Rajan cuts key rate by 25 bps, eases liquidity
Given weak private investment in the face of low capacity utilisation, a reduction in the policy rate by 0.25 per cent will help strengthen growth, RBI Governor Raghuram Rajan said in the first bi-monthly monetary policy review for the 2016-17 fiscal, which began on April 1. Accordingly, the repo rate, at which RBI lends to the financial system, has come down to 6.5 per cent.
The cut was broadly in line with expectations. However, the stock market reacted negatively and the BSE index, Sensex, was down nearly 300 points. Rajan also took a host of measures on the liquidity front, starting with the narrowing of the policy rate corridor to 0.50 per cent from the earlier 1 percentage point, which resulted in the reverse repo rate - at which banks can park excess funds with the RBI - being reset at 6 per cent.
The policy said the average overnight borrowings by banks have increased to Rs 1,935 billion in march from Rs 1,345 billion in January.
Stating that the inflation objectives are closer to being realised and price-rise will hover around the 5 per cent mark for the remainder of the fiscal, Rajan reaffirmed that the monetary policy will continue to remain accommodative to address the growth concerns.
RBI also retained its GDP growth forecast at 7.6 per cent, on the assumption of a normal monsoon and a boost to consumption through the implementation of the Seventh Pay panel recommendations.
The central bank said it expects the implementation to hurt inflation by 1-1.5 per cent over a two year period, but added that the shock will not be as strong as that felt during the implementation of the sixth pay panel suggestions.
Rajan welcomed the government move to amend the RBI Act to create a monetary policy committee, saying it will further strengthen the policy’s credibility.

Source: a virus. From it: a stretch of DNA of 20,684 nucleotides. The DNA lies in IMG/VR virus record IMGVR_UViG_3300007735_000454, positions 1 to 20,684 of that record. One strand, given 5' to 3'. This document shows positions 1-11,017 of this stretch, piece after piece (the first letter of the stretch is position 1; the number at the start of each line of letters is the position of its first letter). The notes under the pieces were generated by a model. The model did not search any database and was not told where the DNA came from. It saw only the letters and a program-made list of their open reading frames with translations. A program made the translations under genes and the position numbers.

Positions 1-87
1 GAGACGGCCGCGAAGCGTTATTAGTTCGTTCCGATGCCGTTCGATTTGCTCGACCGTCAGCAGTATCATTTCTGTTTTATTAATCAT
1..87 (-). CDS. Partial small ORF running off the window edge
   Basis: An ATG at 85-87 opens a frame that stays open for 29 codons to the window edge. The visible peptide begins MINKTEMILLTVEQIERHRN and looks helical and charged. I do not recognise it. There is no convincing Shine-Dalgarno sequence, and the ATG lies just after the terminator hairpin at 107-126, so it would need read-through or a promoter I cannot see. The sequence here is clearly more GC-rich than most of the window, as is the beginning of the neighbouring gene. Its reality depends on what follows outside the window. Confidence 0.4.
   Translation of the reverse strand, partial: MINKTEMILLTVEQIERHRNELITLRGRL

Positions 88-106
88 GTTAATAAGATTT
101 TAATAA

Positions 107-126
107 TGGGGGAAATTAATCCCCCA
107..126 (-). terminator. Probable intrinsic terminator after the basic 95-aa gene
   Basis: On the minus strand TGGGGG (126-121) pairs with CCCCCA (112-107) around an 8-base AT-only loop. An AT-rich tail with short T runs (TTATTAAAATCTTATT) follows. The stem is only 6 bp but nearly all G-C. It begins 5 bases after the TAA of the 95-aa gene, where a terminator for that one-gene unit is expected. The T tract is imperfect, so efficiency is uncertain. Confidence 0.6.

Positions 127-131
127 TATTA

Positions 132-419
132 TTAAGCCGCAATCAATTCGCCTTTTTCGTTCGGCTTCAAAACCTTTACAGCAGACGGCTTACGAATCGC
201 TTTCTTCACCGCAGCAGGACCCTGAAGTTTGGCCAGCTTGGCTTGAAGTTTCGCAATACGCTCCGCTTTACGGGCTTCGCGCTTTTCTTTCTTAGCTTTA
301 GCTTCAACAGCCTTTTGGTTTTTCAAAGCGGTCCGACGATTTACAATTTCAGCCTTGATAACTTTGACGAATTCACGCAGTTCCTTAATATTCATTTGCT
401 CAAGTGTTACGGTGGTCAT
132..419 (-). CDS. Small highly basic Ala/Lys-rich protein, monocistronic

He also welcomed the government’s adherence to the path of fiscal consolidation, calling it as a commendable commitment this will support the disinflation process going forward.
The Reserve Bank reiterated the need for a better translation of its policy actions into the lending rates by banks, adding that measures like reduction in the small savings rates, refinements in the liquidity management framework announced in the policy and the introduction of the marginal cost of lending based lending rates will help in this regard.
On the regulatory side, RBI said it is mulling a regime where large borrowers (which account for a bulk of the NPAs) shall be mandated to go to the market for a part of their funding rather than relying on banks completely.
RBI also proposed to redefine bank branches and permissible methods of outreach.
It will also issue a discussion paper to go ahead on the differentiated banking and look into the introduction of custodian banks and wholesale banks, the policy document said.
Home, auto and other loans are set to become cheaper with the Central banker reducing the short-term lending rate by 0.25 per cent to over 5-year low of 6.5 per cent, taking the total cut to 1.5 per cent since January last year. “Borrowing is cheaper...and will continue to do so,” the Governor said, adding that the introduction of marginal cost of funds-based lending rate (MCLR) system will improve monetary policy transmission.